Friday, November 24, between 5 p.m. and 6 p.m. Near the EBAIS clinic in Nosara, a guy struggles with his motorcycle that refuses to start. Again and again, he tries to kick-start the motorcycle with all his might. With each attempt, the muffler lets out a loud explosion and spits out a flame of fire.
Inside the EBAIS, the doctor treats a man who has just come in with a gunshot wound. At the medical clinic, there’s also a Public Force officer and some patients waiting their turn to be treated.
No one is sure what’s happening outside. They only know that the patient was injured in a shooting minutes before in front of the Super New China 1.3 kilometers (0.8 miles) away. Confused, they think that the explosions from the muffler are gunshots being fired at the EBAIS to kill the man. They aren’t crazy. They believe it because news of shootings and homicides in Nosara are recurring more and more in the community.
At that same time, Nosara firefighter Erick Castro arrives at the EBAIS. This is his account: In the rearview mirror, he sees the guy struggling with the starter. He enters the medical clinic, he sees the scared doctor and the policeman quickly putting on a bulletproof vest. The first thing he tries to do is calm the health personnel and tell them that no one is shooting outside.
The doctor was a little worried because she said bullets were flying. And I explained to her: ‘No, doctor, look, it’s the motorcycle muffler’… I’m a witness that there weren’t any bullets flying there,” Castro related days after the incident.
According to the firefighter’s testimony and the Public Force report, there was no hitman operation outside the EBAIS. The neighbors’ versions are different. But the truth is that the rumor spread through the community quickly: Facebook pages and WhatsApp audio messages affirm that outside the EBAIS, there were guys shooting to end the man’s life.
Every Friday, patient care begins at 3 p.m. and ends at 10 p.m. The man who was shot arrived around 5:30 p.m. EBAIS officials, caught up in rumors and fear, decided to take preventive measures and closed the clinic. As a result of the emergency, 18 people missed their appointment, according to data from the director of the Nicoya Health Area, Tannia Tánchez.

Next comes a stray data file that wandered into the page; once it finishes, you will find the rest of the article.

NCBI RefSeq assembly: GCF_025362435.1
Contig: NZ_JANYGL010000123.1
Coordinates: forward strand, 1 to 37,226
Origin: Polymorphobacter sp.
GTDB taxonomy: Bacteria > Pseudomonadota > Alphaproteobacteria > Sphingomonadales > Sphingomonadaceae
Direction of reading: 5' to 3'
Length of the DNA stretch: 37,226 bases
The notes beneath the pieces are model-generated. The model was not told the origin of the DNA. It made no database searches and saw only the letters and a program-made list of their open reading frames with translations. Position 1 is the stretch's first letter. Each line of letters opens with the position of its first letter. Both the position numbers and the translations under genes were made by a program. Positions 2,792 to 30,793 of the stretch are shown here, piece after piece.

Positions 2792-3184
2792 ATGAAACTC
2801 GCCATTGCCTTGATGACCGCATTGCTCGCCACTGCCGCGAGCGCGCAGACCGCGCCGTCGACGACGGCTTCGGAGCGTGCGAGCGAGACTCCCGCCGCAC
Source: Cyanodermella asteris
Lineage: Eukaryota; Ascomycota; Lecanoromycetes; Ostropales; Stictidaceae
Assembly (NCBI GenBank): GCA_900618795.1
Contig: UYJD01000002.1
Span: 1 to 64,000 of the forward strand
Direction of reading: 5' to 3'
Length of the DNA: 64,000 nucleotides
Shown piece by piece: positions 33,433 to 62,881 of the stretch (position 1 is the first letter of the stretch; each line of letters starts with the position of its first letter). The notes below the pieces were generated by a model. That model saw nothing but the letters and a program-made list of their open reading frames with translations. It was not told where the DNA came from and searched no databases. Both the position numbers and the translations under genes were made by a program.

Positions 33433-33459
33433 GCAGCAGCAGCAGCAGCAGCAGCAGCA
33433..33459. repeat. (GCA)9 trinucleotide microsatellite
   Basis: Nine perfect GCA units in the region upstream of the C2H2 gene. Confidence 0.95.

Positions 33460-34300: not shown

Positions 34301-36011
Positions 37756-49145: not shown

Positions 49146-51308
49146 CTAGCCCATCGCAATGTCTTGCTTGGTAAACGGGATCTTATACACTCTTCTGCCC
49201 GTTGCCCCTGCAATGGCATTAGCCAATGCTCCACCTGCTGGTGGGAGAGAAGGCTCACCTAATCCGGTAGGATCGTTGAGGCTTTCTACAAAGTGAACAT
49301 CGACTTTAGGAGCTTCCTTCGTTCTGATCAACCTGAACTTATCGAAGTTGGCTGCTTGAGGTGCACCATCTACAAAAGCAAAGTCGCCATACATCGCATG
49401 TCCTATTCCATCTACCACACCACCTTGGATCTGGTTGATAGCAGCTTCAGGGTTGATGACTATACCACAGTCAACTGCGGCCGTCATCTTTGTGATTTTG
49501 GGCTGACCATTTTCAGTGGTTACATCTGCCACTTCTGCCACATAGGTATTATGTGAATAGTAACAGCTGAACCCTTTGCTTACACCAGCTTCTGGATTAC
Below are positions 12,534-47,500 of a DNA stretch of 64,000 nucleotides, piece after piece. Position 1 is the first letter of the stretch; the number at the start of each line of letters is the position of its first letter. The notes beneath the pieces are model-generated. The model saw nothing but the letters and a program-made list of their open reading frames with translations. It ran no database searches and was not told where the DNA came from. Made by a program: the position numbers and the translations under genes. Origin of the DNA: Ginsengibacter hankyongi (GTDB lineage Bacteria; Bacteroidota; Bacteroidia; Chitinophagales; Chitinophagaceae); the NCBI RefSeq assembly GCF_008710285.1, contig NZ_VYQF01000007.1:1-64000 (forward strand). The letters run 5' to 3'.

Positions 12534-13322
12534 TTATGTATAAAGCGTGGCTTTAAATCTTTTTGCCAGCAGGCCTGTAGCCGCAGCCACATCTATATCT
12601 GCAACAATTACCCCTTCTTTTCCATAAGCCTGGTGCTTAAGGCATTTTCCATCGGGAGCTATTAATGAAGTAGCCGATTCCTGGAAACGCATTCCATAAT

Days later, in an interview with The Voice of Guanacaste, Tánchez claimed that the EBAIS did not close completely and that the information that circulated in the community is inaccurate.
“The doctor had to come with the patient [to La Anexión Hospital in Nicoya] but the EBAIS does not close, but rather, it is left without medical attention the rest of the night… Although there’s no doctor, the rest of the staff remains who can give information to patients… It happens very often, I could tell you five or six times a month [that the EBAIS is left without a doctor],” Tánchez commented.
But the Public Force report contradicts the health official. “It’s worth mentioning that due to the care of the injured individual, the administration of the Nosara clinic decided to close, just for prevention,” the document says.
. . .
Lucía has been suffering from back pain for three months due to a hernia. During that time, her mother, Carmen, has gone to the EBAIS routinely to try to get her daughter an appointment.
On Friday, November 24, Lucía finally gets her appointment. It’s scheduled for 6 p.m. “It’s a miracle to find an opening at the EBAIS,” thinks Carmen’s husband, Mario. There are 20 minutes left until the appointment. The family still doesn’t know that police are deployed outside the health clinic.